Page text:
For education advocates in Mississippi, it must be difficult to sit quietly and watch the tepid progress, or, as some put it last week, “small scale ideas” that are emerging in a state with a perpetual education crisis.
After all, it’s been 30 years since the so-called “Christmas Miracle” — the historic December day when former Democratic Gov. William Winter convinced lawmakers in a special session to pass Mississippi’s $106 million Education Reform Act.
I listened to Winter’s fascinating reflections on that moment in history in this 2004 story on National Public Radio. Perhaps most astonishing was the timing. Mississippi had not yet embraced or come to terms with school desegregation, so there seemed little hope in getting it passed.
Yet pass it did, establishing statewide, publicly funded kindergarten and a compulsory school attendance law for the first time.
Former Secretary of State Dick Molpus, who was director of federal programs for Winter, noted at the time: “We broke the back of the status quo in this city forever.”
Crusading journalist Carl Rowan said the education act would “give the children of that state a more reasonable chance at a decent education and lift Mississippi out of the ignominy of being the worst-educated and most backward state in the union.”
Thirty years later, though, Mississippi remains the only state in the South without publicly funded pre-kindergarten. This year will be no different, according to the budget proposed by Republican Gov. Phil Bryant, who wants to prioritize teacher merit pay, literacy and dropout prevention. The legislative session begins next month.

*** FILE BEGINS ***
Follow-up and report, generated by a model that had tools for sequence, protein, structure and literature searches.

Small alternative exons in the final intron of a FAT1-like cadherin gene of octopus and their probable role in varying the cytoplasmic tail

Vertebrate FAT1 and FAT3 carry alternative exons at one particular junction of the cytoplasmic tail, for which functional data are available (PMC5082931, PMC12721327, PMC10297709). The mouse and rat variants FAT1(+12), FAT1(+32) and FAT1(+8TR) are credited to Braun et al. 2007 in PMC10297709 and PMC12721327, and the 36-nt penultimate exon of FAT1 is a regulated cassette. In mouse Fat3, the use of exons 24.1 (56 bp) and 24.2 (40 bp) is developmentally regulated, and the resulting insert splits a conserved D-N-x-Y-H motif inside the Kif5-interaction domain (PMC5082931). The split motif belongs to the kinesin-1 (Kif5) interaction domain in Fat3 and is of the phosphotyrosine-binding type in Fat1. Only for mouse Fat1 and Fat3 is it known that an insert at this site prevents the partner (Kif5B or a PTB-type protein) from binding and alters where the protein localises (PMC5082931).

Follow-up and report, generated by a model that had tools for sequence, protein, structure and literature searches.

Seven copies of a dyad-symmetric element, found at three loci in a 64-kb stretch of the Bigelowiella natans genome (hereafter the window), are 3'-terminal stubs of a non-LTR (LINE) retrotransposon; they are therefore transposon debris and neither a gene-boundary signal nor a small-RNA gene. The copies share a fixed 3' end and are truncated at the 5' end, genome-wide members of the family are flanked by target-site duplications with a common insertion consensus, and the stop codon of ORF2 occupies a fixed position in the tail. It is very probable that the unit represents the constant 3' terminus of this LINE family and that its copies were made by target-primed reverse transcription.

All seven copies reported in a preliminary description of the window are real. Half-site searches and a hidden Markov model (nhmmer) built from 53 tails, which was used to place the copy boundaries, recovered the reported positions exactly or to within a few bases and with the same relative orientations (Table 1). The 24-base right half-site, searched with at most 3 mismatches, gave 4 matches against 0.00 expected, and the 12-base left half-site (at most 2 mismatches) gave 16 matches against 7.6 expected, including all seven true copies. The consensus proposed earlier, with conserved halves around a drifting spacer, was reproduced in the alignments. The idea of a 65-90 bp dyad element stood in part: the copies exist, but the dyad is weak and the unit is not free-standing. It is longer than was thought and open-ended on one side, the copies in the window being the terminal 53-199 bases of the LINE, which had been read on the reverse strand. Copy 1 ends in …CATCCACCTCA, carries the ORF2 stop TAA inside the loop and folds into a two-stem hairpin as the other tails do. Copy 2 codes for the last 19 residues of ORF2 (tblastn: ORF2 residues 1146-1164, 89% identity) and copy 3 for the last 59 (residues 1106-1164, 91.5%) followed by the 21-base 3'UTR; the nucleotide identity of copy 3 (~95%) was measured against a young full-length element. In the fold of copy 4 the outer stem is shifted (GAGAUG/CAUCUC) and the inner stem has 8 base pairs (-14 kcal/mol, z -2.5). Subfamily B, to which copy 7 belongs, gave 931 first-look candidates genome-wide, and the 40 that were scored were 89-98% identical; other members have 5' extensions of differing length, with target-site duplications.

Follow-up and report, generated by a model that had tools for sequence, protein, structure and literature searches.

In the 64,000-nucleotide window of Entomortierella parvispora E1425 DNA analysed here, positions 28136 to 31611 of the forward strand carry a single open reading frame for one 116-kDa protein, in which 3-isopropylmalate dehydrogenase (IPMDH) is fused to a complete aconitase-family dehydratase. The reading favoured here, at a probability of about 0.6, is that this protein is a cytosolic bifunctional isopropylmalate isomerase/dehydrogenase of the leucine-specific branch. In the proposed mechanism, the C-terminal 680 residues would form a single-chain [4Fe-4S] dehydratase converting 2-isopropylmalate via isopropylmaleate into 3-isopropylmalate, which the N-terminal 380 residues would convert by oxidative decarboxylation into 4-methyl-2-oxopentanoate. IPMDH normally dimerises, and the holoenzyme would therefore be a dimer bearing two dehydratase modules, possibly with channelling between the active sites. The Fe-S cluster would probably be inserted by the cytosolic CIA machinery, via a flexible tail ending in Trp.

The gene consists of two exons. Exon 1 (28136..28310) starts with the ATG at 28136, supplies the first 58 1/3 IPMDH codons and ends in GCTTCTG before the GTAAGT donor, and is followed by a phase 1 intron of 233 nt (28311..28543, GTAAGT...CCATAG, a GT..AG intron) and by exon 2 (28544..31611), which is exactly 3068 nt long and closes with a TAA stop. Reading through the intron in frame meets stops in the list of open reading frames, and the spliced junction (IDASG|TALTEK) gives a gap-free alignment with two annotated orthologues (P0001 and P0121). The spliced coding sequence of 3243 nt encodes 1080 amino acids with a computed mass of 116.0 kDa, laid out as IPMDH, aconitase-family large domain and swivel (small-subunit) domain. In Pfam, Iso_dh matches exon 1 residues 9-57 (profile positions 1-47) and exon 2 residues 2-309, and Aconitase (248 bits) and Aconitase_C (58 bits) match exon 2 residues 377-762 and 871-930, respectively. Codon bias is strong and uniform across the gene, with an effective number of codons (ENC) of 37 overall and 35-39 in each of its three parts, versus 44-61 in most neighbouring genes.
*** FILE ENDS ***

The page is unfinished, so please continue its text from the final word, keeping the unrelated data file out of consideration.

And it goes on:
Bryant’s agenda does not satisfy Winter, who said last week that the state’s current leaders do not have the necessary political will to make far-reaching changes.
“I do think we have lost our momentum,” Winter said, in remarks quoted in the Jackson Clarion-Ledger, during a forum to discuss the 30th anniversary of the act at Millsaps College. “We’ve lost that political will to do the hard things that must be done. They can’t be done without more investment in public education.”
Supporters of Bryant, though, may be equally frustrated, noted Clarion-Ledger columnist Sam R. Hall.
“As comparisons of the two were made, Bryant supporters said we’ve tried Winter’s way for 30 years, and we still have failing public schools,” Hall’s column noted.
Here at The Hechinger Report, we are continuing to spend time examining education problems and potential solutions in Mississippi, which suffers from the highest rate of childhood poverty in the country. Students still post some of the lowest scores on standardized tests, and often must repeat kindergarten or first grade.
In 2011, the state’s fourth-graders were outperformed on the reading portion of the National Assessment of Educational Progress by their peers in 44 states. In math, they finished second to last in the nation, ahead only of fourth-graders in the District of Columbia. Just 61 percent of Mississippi’s students graduate from high school on time—more than 10 percentage points below the national average.
Bryant’s budget does contain some education initiatives, including $3 million for what up until now has been a privately funded program called Building Blocks.
Molpus calls Bryant’s proposals—which will likely be discussed a great deal, along with a new push for charter school legislation — “baby steps.”
The Hechinger Report will be following what happens in next month’s legislative session, and hopes to speak to both the former and current governors and learn more. Columnist Hall is hopeful and believes that even Winter might be satisfied.
“If lawmakers work together and advance key provisions from both sides, then lawmakers could pass the first meaningful education reform this state has seen in 30 years,” Hall noted. “It could even eclipse the work done by Winter, something I’m sure he would welcome if it meant a better future for Mississippi.”